i agree that there is a big diff between US and  UK , and  basically that is the need to use foreign curencies and the VAT model - bith of which have been big misses for Intuit

note to UK office i am her if you need some advice and you do by the way

daveforbes's picture


daveforbes | | Permalink

Sage tend not to write much software themselves but acquire established companies. Perhaps the cloud marketplace is still too fragmented for them to do this yet and they are waiting for a bit of consolidation.

I think the experience with sagelive confirms this as a sensible approach.

I noticed too that had gone. I registered last Friday and am just deciding what to point it at.


david_terrar's picture

Intuit does get it, customer is King, and Sage ignoring us

david_terrar | | Permalink

@ddruker - I don't think anyone here has ever said Intuit doesn't get it.  I'm frankly amazed they've not brought QuickBooks Online to the UK.  If they did, they would do really well.  I hope whoever is in charge of their global marketing (and ignores the UK for SaaS stuff) stays in place for a long time.

@carnmores - I vehemently believe that the customer is King, but I'm also a big advocate for Cloud (which is why I'm heavily involved in two of the UK's SaaS/Cloud vendor groups).  I always get depressed by the regular detractors, and so can't help but chime in to support the concept.  My comment about your comment about vendors ignoring the 3 issues you raised obviously got to you… sorry for that.  How about us having a direct conversation rather than arguing here.  Please contact me so we can have a proper conversation.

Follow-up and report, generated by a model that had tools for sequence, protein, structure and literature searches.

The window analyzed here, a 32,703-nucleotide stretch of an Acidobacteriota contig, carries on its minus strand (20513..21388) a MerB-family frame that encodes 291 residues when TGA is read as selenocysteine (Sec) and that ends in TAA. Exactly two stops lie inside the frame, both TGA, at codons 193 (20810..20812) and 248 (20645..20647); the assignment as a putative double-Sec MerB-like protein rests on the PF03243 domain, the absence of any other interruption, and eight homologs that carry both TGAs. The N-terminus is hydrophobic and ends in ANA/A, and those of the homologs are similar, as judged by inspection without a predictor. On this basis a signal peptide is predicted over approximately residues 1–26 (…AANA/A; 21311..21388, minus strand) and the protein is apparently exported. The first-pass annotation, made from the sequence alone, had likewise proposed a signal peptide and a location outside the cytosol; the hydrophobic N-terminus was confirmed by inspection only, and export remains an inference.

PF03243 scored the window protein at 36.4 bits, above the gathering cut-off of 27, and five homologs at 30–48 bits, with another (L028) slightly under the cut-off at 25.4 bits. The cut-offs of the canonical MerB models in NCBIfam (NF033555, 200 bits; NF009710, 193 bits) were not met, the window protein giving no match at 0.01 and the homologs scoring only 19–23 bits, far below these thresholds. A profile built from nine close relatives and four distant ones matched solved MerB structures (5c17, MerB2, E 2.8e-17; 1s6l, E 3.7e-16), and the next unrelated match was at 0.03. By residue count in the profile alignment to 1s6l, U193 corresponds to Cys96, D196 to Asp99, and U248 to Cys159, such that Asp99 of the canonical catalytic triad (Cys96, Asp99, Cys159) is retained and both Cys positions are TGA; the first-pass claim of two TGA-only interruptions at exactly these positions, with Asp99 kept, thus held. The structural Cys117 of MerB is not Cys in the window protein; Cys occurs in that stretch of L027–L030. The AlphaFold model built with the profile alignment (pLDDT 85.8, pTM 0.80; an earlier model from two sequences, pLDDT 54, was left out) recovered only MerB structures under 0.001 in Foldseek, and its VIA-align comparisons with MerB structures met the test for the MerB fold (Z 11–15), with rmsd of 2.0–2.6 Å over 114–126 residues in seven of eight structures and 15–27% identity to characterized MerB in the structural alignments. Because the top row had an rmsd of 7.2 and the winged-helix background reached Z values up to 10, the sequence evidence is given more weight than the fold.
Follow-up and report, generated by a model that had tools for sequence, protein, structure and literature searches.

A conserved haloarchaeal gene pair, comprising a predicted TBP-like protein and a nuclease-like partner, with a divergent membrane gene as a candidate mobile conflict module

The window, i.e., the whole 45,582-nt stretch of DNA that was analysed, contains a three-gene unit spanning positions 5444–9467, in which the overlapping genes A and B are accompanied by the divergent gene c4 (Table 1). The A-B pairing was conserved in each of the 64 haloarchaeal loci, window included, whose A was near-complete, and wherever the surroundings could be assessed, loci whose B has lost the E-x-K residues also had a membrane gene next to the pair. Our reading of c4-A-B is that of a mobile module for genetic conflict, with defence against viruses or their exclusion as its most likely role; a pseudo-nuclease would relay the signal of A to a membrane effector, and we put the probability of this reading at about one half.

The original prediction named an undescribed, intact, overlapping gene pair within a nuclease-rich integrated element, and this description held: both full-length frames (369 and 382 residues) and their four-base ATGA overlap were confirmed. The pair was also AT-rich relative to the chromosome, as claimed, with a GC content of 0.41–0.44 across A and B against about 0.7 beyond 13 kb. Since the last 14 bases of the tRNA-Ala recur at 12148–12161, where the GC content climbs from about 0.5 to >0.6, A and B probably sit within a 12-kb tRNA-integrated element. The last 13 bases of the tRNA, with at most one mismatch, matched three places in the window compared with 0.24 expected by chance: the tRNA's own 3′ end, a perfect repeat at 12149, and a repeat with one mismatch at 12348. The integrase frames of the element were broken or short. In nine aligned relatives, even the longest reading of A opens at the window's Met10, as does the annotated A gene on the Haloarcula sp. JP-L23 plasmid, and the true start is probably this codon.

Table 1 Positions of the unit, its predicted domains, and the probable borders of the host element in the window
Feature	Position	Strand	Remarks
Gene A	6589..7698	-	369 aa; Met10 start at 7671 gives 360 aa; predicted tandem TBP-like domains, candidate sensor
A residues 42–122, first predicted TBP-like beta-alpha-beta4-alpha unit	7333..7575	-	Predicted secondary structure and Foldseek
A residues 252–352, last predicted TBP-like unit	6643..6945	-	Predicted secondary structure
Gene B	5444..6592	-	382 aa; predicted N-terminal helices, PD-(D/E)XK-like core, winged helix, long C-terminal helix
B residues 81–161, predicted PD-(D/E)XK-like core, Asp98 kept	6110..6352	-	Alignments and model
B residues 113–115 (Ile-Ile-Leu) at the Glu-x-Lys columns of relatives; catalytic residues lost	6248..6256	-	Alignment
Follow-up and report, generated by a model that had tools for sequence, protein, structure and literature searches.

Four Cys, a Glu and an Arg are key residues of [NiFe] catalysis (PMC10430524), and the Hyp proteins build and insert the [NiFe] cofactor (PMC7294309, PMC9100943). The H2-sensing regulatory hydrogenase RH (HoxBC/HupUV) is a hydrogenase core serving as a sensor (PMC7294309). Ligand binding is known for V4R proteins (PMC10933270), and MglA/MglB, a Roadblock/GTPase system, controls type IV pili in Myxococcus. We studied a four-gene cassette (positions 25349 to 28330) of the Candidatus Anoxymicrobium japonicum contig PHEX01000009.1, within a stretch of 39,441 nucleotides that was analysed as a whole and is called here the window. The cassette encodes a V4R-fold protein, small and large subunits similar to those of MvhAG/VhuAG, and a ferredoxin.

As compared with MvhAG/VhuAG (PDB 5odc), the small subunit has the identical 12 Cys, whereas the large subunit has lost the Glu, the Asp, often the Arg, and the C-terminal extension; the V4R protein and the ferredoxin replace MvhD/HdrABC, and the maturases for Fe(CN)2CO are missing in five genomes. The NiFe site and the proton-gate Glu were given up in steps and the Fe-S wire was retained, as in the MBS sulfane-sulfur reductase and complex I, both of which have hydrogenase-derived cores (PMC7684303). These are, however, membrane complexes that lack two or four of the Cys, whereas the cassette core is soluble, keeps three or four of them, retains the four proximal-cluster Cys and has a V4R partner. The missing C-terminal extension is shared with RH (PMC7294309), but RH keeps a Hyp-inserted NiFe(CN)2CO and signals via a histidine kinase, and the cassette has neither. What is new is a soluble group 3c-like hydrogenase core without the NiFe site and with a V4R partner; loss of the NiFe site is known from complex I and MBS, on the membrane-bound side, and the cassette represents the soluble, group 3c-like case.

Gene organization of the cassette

@Richard - you're right - a waste of time thinking Sage will bother to respond here or on the related main article - hey ho!

@John - many thanks for commenting and highlighting Sage seem to be ignoring the issue, Ostrich style as Richard said. and
David Terrar

connect2field's picture

Sage can sort this out by acquisition?

connect2field | | Permalink

I'm a big believer in SaaS and it amazes me that so many of the traditional large software companies have failed in deliverying a Saas application. Sage isnt the only company that has failed at doing this.... What would have been smart  for many of these companies 3-4 years ago when SaaS started to heat up was to start a subsidery company that delivered a Saas product. Companies like Sage would have been able to attact smart people to join a small team and provide all the funding. That way they could have continueed their normal business and all would have been ok if infact SaaS wasn't just a'craze' that was going to die.

Well considering they didn't do this..... Then now i would say there only clever opportunity would be to sort this problem out by acquistion?

But then again Duane would you sell out? I guess most people would exit if the $$ are right.... It's going to cost them a lot now that they have missed the boat by so far.

On a seperate point how on earth has no one from Sage picked this up? Yes it's private but all they need to be doing is watching Duanes Twitter and they would have picked this up. Ohh does Sage know what Twitter is? ;)